The 34-year-old woman — who served as a deputy director in the ruling party — was named Thursday to the State Affairs Commission, the country’s top government body headed by her older brother, CNN reported, citing the state-run KCNA.
Yo Jong’s profile has risen in recent months, leading some to speculate that she was being groomed to succeed her sibling, whose health has been a source of much speculation.
"Kim Jong Un has raised Kim Yo Jong’s status," Shin Beom-chul, a researcher at the Korea Research Institute for National Strategy, told Agence France-Presse.
Yo Jong, one of three children born to Kim’s predecessor Kim Jong Il and former dancer Ko Yong Hui, was educated in Switzerland along with her brother and shot up the ranks once he inherited power after their father’s death in 2011.
She has often been seen at Kim’s side, including at his summits with South Korean leader Moon Jae-in and then-President Donald Trump.
In December, the strongman’s sister slammed South Korea’s foreign minister for his "reckless remarks" about Pyongyang’s handling of the coronavirus pandemic — warning the top diplomat that she might have to "pay dearly."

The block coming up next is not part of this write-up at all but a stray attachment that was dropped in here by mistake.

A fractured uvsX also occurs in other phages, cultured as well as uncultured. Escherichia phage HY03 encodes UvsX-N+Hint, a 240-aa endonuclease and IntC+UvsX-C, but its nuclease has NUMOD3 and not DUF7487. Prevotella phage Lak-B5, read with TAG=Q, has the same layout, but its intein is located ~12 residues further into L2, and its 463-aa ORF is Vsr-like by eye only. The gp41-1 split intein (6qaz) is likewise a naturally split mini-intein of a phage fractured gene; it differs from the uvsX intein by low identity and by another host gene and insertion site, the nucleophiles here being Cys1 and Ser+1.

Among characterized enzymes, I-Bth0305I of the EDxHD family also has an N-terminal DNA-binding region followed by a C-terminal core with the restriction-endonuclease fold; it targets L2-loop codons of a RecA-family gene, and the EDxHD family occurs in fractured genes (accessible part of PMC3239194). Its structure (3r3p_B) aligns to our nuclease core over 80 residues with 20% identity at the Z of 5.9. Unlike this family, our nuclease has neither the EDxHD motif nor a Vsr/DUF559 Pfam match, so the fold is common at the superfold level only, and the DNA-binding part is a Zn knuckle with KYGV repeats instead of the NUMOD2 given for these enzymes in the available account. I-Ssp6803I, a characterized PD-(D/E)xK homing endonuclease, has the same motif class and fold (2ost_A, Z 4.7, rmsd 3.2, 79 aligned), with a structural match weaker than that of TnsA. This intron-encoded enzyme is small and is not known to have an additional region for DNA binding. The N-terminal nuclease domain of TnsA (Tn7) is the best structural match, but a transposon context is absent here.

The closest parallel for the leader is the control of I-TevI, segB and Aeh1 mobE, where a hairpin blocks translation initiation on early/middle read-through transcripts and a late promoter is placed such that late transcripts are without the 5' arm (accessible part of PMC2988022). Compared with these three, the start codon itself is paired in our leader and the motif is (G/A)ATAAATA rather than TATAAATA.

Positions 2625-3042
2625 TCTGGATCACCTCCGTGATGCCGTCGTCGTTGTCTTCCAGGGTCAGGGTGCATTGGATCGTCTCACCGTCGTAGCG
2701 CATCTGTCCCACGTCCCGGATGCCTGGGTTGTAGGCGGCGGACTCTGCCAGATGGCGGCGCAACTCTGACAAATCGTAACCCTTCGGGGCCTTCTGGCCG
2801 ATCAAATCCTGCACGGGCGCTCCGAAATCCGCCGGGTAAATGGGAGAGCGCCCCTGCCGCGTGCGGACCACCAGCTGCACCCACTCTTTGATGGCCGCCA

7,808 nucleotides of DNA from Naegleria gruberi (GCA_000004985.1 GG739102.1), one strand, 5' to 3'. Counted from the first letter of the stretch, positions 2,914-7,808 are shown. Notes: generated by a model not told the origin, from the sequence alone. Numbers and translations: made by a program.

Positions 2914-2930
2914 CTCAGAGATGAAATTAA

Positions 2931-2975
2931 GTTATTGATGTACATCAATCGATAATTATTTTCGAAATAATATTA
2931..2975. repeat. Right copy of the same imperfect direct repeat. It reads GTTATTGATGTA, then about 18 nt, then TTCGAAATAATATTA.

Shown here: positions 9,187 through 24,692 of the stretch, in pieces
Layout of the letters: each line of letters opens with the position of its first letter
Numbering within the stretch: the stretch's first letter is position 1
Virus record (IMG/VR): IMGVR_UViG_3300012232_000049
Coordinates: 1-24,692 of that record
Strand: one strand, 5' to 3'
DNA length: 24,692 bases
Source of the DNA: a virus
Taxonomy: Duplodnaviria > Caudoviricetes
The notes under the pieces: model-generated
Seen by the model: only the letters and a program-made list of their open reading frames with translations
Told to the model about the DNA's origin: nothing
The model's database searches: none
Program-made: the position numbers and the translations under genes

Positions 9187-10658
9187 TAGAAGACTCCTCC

She also made bellicose remarks aimed at Seoul and Washington, particularly ahead of the North blowing up a liaison office on its side of the border last year that the South had built and paid for.
"Jong Un and Yo Jong spent much of their lonely childhood overseas together — I think this is when they developed something that is similar to comradeship, on top of sibling love," he told the outlet.
Meanwhile, KCNA reported Thursday that Kim said he is willing to restore inter-Korean hotlines next month but accused Washington of proposing talks without changing the "hostile policy" by the US.
The leader made his remarks at the Supreme People’s Assembly, which gathered for a second day to discuss the government’s political, economic and social agenda, according to Reuters.
As he expressed a willingness to reconnect the hotlines, Kim criticized South Korea’s "delusion" over what it calls North Korean military provocations.
"We have neither aim nor reason to provoke South Korea and no idea to harm it," Kim said, according to KCNA.
The rogue regime severed the hotlines in early August in protest against joint South Korea-US military exercises, just days after reopening them for the first time in a year.
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